This is something that should have a widespread community discussion and should absolutely involve religious leaders because religious leaders tend to kind of set the stage for what they feel is moral and immoral. And if they have a congregation, if they have believers and followers, then they need to also differentiate here and say, "Look, just because you work in a spa, doesn't mean that you're somehow immoral for working in a spa." That's the kind of work that needs to be done. We can reach out to different religious groups and churches, help them develop a deeper understanding of this issue. We can reach out to Hollywood. Many of people have already reached out to Hollywood. Hollywood has done some good work in recent years to try to provide a deeper, more varied understanding of Asian Americans, particularly of Asian American women. It's something that social workers can easily fit into because the majority of social workers still are women and they empathize with this issue I know very closely, and they can also be very helpful in this issue.
And then finally, the darker side of this is human trafficking. NASW and professional social work has done tremendous work on human trafficking. More work needs to be done. When you have an active district attorney or law enforcement or police department, the sheriff's department, their first goal is always to try to stop human trafficking by arresting the women who are trafficked for all kinds of sex crimes and things like that. We at NASW over the years developed a lot of policies, some of them are in Social Work Speaks that really say, "No, that's not the way to go. Trafficked people are victims. You can't just simply treat them as criminals. We have to treat them as people, people in unfortunate situations."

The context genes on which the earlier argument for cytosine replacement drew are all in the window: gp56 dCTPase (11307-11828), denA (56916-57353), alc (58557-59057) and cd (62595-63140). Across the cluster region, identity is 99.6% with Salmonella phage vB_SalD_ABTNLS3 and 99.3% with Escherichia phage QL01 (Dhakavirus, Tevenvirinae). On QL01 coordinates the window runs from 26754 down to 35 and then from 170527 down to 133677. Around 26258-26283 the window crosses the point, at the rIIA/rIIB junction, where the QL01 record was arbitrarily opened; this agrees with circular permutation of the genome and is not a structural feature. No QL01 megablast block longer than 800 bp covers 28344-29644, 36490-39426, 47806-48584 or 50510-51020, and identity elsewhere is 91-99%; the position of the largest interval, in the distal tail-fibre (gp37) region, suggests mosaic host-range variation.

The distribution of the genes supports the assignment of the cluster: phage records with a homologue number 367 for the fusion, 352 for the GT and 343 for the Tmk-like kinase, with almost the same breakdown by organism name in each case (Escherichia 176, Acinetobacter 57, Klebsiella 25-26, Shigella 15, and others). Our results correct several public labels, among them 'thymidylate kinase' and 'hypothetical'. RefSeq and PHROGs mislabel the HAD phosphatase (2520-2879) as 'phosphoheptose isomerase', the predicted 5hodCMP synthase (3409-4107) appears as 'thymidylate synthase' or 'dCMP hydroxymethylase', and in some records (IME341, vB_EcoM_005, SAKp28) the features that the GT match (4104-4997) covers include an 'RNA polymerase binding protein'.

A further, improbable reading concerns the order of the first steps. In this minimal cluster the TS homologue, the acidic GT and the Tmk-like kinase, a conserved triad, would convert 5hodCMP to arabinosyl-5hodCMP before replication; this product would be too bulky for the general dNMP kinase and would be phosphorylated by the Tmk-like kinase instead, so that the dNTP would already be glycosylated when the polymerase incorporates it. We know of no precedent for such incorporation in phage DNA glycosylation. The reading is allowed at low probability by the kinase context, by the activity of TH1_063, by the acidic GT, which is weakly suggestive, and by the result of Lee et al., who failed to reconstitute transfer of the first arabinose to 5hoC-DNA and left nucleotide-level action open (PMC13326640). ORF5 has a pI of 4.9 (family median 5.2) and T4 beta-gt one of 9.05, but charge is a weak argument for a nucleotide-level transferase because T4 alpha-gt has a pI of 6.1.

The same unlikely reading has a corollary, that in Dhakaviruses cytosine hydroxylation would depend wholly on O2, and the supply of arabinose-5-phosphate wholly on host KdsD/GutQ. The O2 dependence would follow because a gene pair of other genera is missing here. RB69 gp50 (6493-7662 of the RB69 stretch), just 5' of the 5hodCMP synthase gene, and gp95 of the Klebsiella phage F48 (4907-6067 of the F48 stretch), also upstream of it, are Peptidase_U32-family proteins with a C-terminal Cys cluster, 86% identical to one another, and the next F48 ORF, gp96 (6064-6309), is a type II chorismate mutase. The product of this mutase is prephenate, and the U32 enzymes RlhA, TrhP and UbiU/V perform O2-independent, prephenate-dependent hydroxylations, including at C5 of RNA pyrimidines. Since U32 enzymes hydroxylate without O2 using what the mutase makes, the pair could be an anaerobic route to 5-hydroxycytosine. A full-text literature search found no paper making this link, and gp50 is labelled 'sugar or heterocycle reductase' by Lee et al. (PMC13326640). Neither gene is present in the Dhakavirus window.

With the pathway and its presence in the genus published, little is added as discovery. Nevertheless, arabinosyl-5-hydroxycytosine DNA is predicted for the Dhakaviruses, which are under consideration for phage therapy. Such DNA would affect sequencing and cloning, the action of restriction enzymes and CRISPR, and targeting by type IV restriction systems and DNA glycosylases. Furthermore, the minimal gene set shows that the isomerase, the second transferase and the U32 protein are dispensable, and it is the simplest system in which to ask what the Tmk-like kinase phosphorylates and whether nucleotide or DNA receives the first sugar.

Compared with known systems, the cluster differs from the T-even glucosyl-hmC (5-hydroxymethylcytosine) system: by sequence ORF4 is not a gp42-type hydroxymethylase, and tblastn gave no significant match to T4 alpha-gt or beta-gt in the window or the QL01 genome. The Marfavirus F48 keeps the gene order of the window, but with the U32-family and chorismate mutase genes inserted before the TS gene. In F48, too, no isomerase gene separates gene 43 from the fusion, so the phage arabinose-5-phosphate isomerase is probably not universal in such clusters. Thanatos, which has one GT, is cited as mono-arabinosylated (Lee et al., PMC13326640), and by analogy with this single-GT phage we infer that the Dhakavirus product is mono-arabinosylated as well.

Again, social work has kind of led the way in some of these areas. Still has some work to do in others. If people need to know what to do, they can look at some of our NASW policies and social work policies across the country and they can kind of draw that intersection with what's going on, how people are being viewed and how those views should be changed.
I'm going to gather some resources and put them on the show notes so that our listeners can further educate themselves about this issue. Thank you so much. We're so fortunate to have you on our team. I know you're not the ED of the California Chapter anymore, but I really appreciate being able to talk to you about this.
Well, thank you for inviting me. Thanks to Greg. We all are doing what we can, the rest of NASW is, and we'll get through this if we work together. It could be something positive, even though it's seemingly very negative right now. Once we open our minds and talk about it, we know this as social workers, we can do better and make things better.
Thank you, Janlee. Appreciate it.